Tuesday, August 2, 2011

Druids - Morgan Llywelyn

1991; 400 pages.  Genre : Historical Fiction; Historical Fantasy.  New Author? : Yes.  Overall Rating : 9*/10.

    Life is good for our hero, Ainvar.  He is the Chief Druid for all of Gaul.  He has the most talent for magic seen in many generations.  Kings and warriors listen carefully to his counsel.  He is the soul-brother of the famed Vercingetorix.  And he gets to practice sex magic with all sorts of women.

    But there is a black cloud on the horizon.  It wears a red cloak and is named Gaius Julius Caesar.  It doesn't take a ballista-scientist to divine his aims.  To subjugate all the Gallic tribes.  And exterminate the Druids.

What's To Like...
    The characters are well-developed.  The women characters are just as strong as the men.  Indeed, some even join the front ranks of the battles.  The historical portions (Vercingetorix's struggles against the Romans) are accurately detailed.

   Historically, very little is known about the Druids themselves, and most of it comes from the biased Romans.  So Morgan Llwelyn has free rein to develop a believable druidic system.  She's creatively superb at that, and it's when she's detailing the spells, propheecies, out-of-body erperiences, etc. that the fantasy part of the novel arises.  That's okay though, cuz New Age (so-called) Druids will eat it up.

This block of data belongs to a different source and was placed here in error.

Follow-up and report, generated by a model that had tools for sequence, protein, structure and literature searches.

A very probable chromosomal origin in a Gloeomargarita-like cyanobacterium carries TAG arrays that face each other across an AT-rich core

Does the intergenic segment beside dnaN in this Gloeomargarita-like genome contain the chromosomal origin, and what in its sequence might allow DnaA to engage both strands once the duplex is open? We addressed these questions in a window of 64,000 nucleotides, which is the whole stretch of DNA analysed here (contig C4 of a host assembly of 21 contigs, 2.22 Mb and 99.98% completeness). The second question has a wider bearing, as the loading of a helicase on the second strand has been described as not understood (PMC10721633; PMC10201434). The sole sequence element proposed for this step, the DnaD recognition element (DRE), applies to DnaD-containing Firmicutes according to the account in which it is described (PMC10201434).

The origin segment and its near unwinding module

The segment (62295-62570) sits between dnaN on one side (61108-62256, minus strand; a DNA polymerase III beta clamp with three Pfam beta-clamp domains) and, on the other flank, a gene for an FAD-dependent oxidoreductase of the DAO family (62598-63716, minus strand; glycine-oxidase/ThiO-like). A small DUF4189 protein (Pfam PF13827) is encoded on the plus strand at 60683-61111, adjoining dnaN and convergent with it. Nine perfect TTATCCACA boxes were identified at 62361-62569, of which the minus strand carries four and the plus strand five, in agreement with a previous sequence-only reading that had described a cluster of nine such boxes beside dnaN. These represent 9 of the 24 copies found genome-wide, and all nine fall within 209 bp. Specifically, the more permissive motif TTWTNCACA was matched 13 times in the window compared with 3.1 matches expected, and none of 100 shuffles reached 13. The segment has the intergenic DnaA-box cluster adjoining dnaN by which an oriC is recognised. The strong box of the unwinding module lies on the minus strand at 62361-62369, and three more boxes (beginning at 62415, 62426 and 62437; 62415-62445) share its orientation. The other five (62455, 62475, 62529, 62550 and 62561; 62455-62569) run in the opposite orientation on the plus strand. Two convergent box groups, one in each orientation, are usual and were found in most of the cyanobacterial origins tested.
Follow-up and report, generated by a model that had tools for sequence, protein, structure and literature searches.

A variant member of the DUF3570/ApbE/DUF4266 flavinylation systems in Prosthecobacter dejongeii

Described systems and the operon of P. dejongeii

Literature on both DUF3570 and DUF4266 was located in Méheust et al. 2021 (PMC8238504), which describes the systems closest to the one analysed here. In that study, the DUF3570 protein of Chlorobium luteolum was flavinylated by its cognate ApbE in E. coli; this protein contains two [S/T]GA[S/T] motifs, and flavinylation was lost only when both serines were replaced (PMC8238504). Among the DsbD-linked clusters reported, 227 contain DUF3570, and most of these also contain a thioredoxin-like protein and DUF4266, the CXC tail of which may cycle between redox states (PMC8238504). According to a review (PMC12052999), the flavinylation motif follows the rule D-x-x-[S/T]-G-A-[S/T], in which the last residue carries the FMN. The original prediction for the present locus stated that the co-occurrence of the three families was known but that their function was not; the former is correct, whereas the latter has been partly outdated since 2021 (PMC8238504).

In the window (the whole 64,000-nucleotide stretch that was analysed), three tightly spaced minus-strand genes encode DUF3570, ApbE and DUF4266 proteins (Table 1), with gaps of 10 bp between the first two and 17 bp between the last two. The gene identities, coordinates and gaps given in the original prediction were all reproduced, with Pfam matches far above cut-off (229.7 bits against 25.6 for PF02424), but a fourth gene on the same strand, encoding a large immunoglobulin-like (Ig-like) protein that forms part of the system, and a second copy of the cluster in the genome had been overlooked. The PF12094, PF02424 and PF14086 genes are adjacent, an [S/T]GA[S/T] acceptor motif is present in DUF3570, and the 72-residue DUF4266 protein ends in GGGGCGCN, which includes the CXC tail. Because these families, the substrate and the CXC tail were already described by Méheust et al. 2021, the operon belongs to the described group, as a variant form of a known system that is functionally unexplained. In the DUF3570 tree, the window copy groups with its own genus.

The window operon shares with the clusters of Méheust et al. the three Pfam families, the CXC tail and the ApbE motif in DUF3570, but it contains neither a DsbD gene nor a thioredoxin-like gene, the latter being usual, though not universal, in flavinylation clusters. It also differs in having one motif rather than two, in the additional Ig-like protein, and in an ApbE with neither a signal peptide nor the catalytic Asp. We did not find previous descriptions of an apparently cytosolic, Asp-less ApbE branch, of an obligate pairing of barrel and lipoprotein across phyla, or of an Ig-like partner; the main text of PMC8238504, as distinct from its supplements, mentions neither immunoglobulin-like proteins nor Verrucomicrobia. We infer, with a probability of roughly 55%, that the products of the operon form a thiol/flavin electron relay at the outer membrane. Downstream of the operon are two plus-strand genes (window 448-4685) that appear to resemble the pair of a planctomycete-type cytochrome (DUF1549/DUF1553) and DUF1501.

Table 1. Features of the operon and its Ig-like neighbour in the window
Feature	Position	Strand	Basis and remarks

The magic is potent, but not all-powerful.  I'll put up with the sex magic, although the idea of a promiscuous priesthood seems a bit far-fetched.  And I'm okay with the uneven subject treatment (the Gauls wear the white hats; the Romans wear the black ones).  If you want to cheer for the Romans, go read Caesar's Gallic Commentaries.

Kewlest New Word...
Vates : Soothsayers; bards; prophets; poets.  Usually refers to Celtic practitioners of these arts.

    If I could only reach the grove I thought, in my panic, that I would be safe.  The grove was sacred, everyone knew that.  Even the animals of the forest were said to revere it; surely the wolves would not kill me there.
    At fifteen, one believes any amount of nonsense.  (pg. 8)

    The chief druid never made an awkward gesture, even when he scratched himself.  Every movement was fluid, celebrating the ability to move.
    I was so impressed, I even believed he farted musically.  (pg. 23)

    "Don't waste your effort on smoke and sacrifice, Ainvar," he said harshly.  "We're winning through our own strength, not because of some dubious druid magic."
    Winners, my head observed, believe they succeed on their own merit.  It is only losers who require gods to blame.   (pgs. 341-42)

Death is a cobweb we brush through; not the last thing but the least thing.  (pg. 153)
    Druids is a nice blend of history and fantasy.  It is to Morgan Llywelyn's credit that neither overwhelms the other.  The writing is well-done and the pacing is good.  But this is also a tragic tale. 
The outcome is inevitable.  "Veni, vidi, vici."

    The ending is therefore sad, but not maudlin.  The Romans win; the Gauls are conquered; the Druids are scattered; and Ainvar is forced to flee for his life.  That may seem like a major downer, but be of good cheer.  There is a sequel.  9 Stars.